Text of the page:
They said "go get this much booze" so I did.

The other major issue we had to deal with was liquor. The Committee on Arrangements (COA) along with the local organizing committee decided last minute to grant all parties one day liquor licenses. Sounds like a good thing, right? Not. It was too late to put together beverage packages with mark-up. Contracts were signed, budgets were set. I couldn’t go back to a client who was expecting to pay $100  per person all in for their event and tell them now it’s another $30 per person because we now have a liquor license two days before the convention starts. The big effect on us (especially me) was now all liquor had to be legally purchased only from the Pennsylvania “State Store” (now Fine Wine & Good Spirits) system, and we were told to expect inspection proving all booze was purchased in state. This was  a HUGE problem for the Union Pacific Railroad as they had loaded their antique railroad cars with more than enough for the convention uses. Now they had to rely on me and my team to go buy everything they needed at local State Stores that are usually not very well stocked. I believe we had to visit six stores to get everything needed. The extra 12 hours of work came at a time when we could least afford it.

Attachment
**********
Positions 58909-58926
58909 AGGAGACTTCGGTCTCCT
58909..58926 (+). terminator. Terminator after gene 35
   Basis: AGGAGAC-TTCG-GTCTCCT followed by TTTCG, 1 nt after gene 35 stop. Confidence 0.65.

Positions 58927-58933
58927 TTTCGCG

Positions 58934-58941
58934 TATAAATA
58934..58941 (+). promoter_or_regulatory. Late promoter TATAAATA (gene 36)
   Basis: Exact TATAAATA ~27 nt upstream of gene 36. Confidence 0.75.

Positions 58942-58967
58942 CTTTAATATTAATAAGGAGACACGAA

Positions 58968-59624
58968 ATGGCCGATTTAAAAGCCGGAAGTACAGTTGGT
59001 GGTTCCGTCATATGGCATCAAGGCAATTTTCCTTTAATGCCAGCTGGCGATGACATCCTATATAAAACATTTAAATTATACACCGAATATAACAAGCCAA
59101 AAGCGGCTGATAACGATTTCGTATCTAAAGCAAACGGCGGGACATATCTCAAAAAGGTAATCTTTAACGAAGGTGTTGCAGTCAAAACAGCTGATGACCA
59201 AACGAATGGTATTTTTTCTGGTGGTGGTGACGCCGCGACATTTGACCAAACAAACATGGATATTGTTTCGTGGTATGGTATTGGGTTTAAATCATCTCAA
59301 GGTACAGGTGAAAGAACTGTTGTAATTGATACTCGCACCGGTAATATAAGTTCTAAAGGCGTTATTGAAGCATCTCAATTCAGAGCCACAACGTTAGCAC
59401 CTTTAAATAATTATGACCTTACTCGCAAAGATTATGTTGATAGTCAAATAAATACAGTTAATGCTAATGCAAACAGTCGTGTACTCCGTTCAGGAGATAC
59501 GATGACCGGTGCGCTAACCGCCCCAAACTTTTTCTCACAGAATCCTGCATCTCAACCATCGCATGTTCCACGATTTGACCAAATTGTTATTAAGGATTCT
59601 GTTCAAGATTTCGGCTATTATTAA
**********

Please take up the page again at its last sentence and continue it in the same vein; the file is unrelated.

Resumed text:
The Tom Delay train set up. Cold storage building in background.
This site is now Lincoln Financial Field.
We had already been catering for the crew building the RNC stage and sets as well as the TV production crews for almost 2 weeks. This was very similar to our backstage concert catering in terms of menu, pricing and style of service. High quality food served on a budget with minimal fanfare. On the Saturday before the convention starting, the high end parties started. It was just a breakfast, lunch and dinner served on the Union Pacific trains, but starting with perfection was our goal. Our clients for UP were very hands on and any little misstep would be relayed to Max & myself on walkie talkie immediately. It was such a relief to see our staff arrive on time and we often heard tales of great resourcefulness in how they found us. This was back in the times when only about 30% of our staff had cell phones and GPS was not in use yet. All catered events back then had to have very explicit typed and emailed directions to make sure all staff arrived. Many staff weren't on email, so they had to either pick up printed directions in the office, or have them told to them over the phone. 
Our industry, like many, has been very favorably improved  and streamlined with technology.
This was our technology for RNC 2000. The most annoying Nextel walkie talkie cell.
I had been intending to cover all of the RNC events in this post, but I have been listening to the blogging gurus and it's already getting too long, even after substantial edits. So I'm going to close this one out and pick up the next post on Sunday July 30th, the night before the convention starts and more parties than any other night.
Important question. When do you stop saying Happy New Year to people you see
for the first time in 2015?
I wish you all the very best in 2015, I have a feeling it's going to be a great year.